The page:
Comment: This paper argues that dispositional essentialism about properties entails a form of panpsychism because, as a matter of fact, the only dispositional properties we know of are phenomenal properties. This paper is a development of an early argument from Galen Strawson, but it is also entirely novel and intersects with the lively debate about Russellian Monsim. This paper is harder than an introductory text, but students who already understand the debate will not find this text difficult. Students will only need to be familiar with debates about dispositions and powerful properties.

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Pérez, Diana, , . Why should our mind-reading abilities be involved in the explanation of phenomenal consciousness?
2008, Análisis filosófico 28(1)
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Added by: Simon Fokt, Contributed by: Juan R. Loaiza

Abstract: In this paper I consider recent discussions within the representationalist theories of phenomenal consciousness, in particular, the discussions between first order representationalism (FOR) and higher order representationalism (HOR). I aim to show that either there is only a terminological dispute between them or, if the discussion is not simply terminological, then HOR is based on a misunderstanding of the phenomena that a theory of phenomenal consciousness should explain. First, I argue that we can defend first order representationalism from Carruthers’ attacks and ignore higher order thoughts in our account of phenomenal consciousness. Then I offer a diagnostic of Carruthers’ misunderstanding. In the last section I consider further reasons to include mindreading abilities in an explanation of phenomenal consciousness.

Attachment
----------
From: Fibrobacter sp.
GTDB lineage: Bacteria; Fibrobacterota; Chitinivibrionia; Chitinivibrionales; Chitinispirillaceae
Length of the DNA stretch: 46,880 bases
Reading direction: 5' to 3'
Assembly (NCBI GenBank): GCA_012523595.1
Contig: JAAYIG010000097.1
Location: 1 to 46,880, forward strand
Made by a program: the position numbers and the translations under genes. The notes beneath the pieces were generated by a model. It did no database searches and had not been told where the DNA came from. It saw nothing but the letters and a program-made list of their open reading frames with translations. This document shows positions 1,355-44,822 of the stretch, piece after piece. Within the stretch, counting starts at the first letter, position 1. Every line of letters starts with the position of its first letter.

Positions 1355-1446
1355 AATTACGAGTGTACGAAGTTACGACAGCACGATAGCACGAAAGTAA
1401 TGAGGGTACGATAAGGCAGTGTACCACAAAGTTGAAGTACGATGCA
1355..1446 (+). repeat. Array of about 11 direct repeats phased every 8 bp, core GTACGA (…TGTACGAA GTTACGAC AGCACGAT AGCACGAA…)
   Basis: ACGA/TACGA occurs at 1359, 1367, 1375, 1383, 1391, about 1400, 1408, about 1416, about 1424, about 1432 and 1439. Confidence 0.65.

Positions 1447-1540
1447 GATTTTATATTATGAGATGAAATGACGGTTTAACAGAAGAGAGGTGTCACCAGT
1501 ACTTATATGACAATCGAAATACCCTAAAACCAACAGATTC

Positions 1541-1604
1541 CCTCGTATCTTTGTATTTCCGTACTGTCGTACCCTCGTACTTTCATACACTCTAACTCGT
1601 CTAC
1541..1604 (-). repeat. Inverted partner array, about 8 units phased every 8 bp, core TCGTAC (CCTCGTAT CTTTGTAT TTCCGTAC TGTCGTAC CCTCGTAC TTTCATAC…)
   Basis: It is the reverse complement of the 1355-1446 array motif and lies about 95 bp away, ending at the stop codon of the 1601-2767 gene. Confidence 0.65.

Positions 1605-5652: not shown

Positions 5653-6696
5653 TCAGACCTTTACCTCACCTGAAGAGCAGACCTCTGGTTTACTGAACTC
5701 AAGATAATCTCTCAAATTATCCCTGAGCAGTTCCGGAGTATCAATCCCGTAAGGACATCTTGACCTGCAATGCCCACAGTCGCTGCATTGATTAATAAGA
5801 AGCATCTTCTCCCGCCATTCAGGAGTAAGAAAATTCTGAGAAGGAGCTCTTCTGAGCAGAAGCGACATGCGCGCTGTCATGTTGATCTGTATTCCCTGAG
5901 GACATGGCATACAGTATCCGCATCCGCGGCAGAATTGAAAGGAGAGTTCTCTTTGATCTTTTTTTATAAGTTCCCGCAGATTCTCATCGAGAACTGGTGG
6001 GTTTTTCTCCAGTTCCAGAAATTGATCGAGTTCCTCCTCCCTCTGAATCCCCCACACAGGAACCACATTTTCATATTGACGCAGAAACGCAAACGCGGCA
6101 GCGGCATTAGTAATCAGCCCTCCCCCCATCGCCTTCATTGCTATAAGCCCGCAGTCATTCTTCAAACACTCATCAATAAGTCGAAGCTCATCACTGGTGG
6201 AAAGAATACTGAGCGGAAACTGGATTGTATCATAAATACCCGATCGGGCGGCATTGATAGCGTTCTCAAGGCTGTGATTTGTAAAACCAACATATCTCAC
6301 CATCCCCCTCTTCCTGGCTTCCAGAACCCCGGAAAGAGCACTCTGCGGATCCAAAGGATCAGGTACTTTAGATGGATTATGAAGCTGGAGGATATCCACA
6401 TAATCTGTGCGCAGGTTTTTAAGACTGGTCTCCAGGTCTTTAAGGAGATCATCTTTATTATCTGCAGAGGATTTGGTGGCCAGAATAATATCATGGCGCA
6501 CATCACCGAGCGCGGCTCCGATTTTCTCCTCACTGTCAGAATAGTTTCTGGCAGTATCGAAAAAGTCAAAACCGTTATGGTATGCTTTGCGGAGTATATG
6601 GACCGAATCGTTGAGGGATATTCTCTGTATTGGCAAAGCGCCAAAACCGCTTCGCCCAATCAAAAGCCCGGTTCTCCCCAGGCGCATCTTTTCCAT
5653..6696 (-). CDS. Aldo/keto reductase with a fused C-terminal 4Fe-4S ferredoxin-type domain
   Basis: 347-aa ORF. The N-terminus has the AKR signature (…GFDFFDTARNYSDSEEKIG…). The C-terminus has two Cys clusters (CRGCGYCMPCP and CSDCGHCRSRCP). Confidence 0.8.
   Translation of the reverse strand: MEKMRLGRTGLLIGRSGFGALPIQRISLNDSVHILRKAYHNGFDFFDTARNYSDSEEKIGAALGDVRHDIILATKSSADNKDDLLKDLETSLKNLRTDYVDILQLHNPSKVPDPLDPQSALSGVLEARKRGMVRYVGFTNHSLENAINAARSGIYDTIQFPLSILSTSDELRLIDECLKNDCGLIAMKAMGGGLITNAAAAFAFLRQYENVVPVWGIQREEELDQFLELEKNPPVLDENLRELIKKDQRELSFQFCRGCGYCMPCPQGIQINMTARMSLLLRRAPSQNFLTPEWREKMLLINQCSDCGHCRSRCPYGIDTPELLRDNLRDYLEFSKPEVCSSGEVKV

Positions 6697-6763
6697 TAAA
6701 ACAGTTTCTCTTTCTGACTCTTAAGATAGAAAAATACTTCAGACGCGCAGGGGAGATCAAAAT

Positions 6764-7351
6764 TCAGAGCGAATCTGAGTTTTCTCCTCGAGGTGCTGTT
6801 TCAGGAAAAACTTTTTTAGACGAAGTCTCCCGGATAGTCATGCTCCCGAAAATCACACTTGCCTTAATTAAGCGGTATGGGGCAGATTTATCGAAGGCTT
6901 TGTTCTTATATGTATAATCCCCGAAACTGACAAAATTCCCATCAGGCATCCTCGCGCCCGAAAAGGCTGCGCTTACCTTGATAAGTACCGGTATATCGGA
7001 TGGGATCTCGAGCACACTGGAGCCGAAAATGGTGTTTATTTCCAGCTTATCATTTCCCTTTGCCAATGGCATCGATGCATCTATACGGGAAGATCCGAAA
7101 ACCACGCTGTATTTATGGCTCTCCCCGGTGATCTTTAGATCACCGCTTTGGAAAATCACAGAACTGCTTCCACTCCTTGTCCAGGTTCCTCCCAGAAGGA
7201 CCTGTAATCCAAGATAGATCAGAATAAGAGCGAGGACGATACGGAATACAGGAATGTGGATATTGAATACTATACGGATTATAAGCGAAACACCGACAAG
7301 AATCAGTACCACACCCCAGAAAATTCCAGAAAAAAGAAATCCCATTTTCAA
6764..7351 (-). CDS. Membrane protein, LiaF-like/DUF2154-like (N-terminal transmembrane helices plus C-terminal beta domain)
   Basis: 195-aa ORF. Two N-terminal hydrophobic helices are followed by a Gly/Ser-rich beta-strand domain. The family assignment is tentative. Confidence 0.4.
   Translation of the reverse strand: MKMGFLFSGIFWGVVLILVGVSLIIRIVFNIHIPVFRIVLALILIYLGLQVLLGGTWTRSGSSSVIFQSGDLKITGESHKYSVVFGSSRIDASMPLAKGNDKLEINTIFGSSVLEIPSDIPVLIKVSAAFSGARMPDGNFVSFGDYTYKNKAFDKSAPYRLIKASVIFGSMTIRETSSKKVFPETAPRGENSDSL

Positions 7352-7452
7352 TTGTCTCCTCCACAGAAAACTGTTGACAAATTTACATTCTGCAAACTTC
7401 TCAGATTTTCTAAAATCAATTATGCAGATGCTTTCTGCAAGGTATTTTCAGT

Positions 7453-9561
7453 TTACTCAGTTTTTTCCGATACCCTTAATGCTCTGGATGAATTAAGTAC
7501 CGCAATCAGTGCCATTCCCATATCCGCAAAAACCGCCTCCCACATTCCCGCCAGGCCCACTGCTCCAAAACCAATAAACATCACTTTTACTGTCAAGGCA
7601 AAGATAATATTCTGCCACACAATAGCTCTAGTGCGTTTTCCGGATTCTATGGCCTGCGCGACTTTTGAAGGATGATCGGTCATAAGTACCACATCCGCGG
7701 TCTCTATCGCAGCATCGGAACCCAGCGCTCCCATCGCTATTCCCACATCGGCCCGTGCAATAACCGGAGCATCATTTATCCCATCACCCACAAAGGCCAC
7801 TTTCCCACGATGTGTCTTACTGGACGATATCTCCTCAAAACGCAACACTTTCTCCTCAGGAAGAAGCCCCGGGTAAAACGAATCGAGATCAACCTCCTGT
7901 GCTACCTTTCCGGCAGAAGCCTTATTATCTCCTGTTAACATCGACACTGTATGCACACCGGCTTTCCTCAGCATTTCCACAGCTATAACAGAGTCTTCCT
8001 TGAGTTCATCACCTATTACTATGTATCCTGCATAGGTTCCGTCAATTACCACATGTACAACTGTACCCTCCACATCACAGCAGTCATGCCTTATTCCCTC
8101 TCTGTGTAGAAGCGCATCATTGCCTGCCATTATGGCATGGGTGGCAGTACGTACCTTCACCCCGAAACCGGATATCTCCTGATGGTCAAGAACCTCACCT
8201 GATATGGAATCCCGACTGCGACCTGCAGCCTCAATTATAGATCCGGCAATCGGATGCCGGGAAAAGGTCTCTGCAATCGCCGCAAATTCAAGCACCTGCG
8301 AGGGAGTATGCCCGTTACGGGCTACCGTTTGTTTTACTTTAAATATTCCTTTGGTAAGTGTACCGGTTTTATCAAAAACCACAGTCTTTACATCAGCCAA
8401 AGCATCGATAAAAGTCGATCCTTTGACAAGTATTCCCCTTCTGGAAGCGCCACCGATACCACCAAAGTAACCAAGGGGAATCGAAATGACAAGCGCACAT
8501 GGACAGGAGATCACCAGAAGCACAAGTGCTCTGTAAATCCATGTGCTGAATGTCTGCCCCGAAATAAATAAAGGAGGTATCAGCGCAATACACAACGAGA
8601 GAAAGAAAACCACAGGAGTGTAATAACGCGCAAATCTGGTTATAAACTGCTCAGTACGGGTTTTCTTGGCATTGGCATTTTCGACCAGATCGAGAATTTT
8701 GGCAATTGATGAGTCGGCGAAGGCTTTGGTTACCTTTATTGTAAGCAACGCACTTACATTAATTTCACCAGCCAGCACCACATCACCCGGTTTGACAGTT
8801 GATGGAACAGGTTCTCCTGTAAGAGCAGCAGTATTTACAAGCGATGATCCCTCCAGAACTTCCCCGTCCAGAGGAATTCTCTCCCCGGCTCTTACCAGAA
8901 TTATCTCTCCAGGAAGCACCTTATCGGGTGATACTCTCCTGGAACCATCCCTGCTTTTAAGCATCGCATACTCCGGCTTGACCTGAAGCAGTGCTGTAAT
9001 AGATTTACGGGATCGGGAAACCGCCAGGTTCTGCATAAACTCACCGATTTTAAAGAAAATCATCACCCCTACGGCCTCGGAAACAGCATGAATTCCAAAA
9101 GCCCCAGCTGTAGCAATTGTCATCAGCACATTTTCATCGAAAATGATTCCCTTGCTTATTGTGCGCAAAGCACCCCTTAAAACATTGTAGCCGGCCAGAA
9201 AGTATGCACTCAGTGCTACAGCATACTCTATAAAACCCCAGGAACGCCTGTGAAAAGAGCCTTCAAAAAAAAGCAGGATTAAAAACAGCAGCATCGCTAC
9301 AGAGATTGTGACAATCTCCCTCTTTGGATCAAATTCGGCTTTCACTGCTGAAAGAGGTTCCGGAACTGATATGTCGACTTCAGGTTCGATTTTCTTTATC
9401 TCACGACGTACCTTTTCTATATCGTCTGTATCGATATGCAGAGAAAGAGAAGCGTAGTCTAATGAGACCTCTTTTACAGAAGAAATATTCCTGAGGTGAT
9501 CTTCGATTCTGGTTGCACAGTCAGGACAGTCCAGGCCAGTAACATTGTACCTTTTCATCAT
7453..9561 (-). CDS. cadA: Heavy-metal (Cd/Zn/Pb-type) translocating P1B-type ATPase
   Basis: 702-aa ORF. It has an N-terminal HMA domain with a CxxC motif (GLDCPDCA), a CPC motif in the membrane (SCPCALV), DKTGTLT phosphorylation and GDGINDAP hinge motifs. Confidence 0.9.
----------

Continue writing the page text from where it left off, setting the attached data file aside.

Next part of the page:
Comment: This text connects three topics in philosophy of mind in a clear way: representationalism (especially Fodor’s LOT), consciousness, and mind-reading. It serves as an example of how to integrate different problems while proposing a provocative claim about them.

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Wilkes, Kathleen Vaughan, , . Is consciousness important?
1984, British Journal for the Philosophy of Science 35 (September):223-43.
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Added by: Clotilde Torregrossa, Contributed by: Simon Fokt

Abstract: The paper discusses the utility of the notion of consciousness for the behavioural and brain sciences. It describes four distinctively different senses of ‘conscious’, and argues that to cope with the heterogeneous phenomena loosely indicated thereby, these sciences not only do not but should not discuss them in terms of ‘consciousness’. It is thus suggested that ‘the problem’ allegedly posed to scientists by consciousness is unreal; one need neither adopt a realist stance with respect to it, nor include the term and its cognates in the sciences’ conceptual apparatus. The paper briefly examines Nagel’s [1974] article, since this presents the strongest counter to the thesis proposed

Comment: [This is a stub entry. Please add your comments to help us expand it]